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TurtlePop: Journey to Freedom Combines Puzzles And Cuteness

It had me at “turtle”, basically.

TurtlePop: Journey to Freedom landed on Nintendo Switch back in March, and only recently have I sat down to give it a little go. It’s a bright and colourful puzzle platformer game… starring turtles. So many cute turtles. That’s essentially all I needed to know to be won over by the game.

Your typical Mario-style platformer this is not, however. TurtlePop is more puzzles and strategy than it is running, jumping action. The goal of every level is to get a number of turtles to the exit. Your turtles can walk and jump, and that’s it. For the first couple of levels that’s enough, but soon you’ll come up against obstacles. After a few levels, bombs, enemies, walls and unreachable jumps will stand in your way. And to tackle these, you have a genie to help you.

Pushing a shoulder button switches control from the turtles to the ‘genie’ – a floating helping hand that can cast items down to the turtles to help them on their way. Need to reach a higher platform, or need help after taking damage? The genie can feed a watermelon to a turtle to give them a bit of a boost. And if an enemy or a wall stands in the turtles’ path, the genie can throw down a bomb to get rid of them.

Turtles can be controlled one at a time, or, if they’re close together, you can hold the other shoulder button to control them simultaneously. You’re constantly working against the clock, but each level’s timer is pretty generous so you’re able to move slowly and cautiously. The difficulty soon ramps up, and TurtlePop: Journey to Freedom requires quite a bit of patience. Clearing obstacles while keeping your turtles safe is often easier said than done, and in some areas those obstacles can quickly respawn. Constantly switching between the turtles and genie can be a little awkward, but once you get the hang of it there’s a lot of fun to be had.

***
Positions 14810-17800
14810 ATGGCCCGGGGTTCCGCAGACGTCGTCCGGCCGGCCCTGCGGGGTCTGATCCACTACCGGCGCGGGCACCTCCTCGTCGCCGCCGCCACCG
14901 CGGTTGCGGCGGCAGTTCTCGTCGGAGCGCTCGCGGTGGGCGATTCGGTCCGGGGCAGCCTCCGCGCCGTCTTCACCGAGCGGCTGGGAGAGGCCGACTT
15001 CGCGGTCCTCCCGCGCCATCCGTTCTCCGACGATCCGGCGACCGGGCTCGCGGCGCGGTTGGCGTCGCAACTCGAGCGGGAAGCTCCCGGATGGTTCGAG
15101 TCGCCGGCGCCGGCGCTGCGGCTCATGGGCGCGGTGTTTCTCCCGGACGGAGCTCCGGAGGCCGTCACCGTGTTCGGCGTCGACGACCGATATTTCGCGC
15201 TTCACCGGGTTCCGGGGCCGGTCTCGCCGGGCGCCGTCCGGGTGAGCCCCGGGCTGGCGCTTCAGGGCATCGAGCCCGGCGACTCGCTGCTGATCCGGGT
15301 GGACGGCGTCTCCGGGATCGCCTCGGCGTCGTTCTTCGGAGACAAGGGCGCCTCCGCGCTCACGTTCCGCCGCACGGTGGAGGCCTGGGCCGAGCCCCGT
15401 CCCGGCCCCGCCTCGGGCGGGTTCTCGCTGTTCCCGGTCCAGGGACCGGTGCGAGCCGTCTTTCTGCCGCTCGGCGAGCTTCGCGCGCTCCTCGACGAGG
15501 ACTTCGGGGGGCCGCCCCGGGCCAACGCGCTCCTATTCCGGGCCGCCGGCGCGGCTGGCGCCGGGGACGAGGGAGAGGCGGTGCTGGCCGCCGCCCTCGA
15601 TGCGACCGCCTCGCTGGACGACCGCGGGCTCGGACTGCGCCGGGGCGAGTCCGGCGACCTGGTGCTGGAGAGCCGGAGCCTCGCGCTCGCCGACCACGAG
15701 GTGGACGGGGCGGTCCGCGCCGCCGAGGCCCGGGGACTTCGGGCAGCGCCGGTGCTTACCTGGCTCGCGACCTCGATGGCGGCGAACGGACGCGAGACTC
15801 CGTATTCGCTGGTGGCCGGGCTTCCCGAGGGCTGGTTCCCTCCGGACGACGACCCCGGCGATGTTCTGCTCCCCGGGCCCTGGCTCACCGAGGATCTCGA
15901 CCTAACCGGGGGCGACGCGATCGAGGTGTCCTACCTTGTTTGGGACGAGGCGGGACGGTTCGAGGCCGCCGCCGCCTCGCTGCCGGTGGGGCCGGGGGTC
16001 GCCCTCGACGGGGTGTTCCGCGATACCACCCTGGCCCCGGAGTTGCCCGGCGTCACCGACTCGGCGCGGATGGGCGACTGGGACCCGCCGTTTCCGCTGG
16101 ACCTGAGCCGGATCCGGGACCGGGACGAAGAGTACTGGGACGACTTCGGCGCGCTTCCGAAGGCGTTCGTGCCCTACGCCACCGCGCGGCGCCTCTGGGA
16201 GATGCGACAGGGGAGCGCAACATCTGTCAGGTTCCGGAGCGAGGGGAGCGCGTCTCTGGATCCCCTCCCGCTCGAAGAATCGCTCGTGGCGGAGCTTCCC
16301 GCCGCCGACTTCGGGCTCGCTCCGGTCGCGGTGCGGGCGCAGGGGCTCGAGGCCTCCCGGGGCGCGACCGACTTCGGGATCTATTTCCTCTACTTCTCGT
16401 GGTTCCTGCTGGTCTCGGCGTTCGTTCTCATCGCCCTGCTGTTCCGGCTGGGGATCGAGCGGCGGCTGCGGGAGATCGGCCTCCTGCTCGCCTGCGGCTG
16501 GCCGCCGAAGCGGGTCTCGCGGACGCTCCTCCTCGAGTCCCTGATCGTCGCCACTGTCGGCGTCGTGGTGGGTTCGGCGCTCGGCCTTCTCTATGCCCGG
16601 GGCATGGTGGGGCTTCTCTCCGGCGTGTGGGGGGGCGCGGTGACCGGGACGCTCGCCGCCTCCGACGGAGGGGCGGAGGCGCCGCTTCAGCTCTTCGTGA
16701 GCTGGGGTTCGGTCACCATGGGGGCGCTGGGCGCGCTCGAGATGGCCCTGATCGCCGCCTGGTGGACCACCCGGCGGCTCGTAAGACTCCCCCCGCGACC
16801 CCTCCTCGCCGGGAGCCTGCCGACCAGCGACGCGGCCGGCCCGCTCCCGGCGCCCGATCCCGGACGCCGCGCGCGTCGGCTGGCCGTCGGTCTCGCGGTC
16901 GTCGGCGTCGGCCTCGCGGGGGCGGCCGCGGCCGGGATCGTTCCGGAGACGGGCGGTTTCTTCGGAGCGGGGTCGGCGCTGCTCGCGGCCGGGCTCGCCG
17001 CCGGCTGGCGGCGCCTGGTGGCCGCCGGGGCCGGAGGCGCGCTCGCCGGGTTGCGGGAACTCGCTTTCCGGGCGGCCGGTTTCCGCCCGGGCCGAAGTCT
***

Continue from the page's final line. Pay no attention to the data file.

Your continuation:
TurtlePop also packs in some deep progression mechanics, too. As you play, you’ll collect sun and moon currencies as well as earning cards. These cards grant you skills and items, and can be levelled up as you play. The skills grant you items that your genie can use, and also determine how many items your genie can carry at any one time.

And this is all just in the game’s single player mode (which can also be enjoyed in co-op, by the way). Throw in the multiplayer arena modes that TurtlePop: Journey to Freedom sports, and you’ve got quite the package on your hands. For just £17.99, there’s a lot of gameplay. But remember, however cute TurtlePop may be – and boy, it is super cute – don’t let its facade fool you. This is a real test of your puzzle-solving and patience – but it’s still a lot of fun.

Editor in chief // Kim's been into video games since playing Dizzy on her brother's Commodore 64 as a nipper. She'll give just about anything a go, but she's got a particular soft spot for indie adventures. If she's not gaming, she'll be building Lego, reading a thriller, watching something spooky or... asleep. She does love to sleep.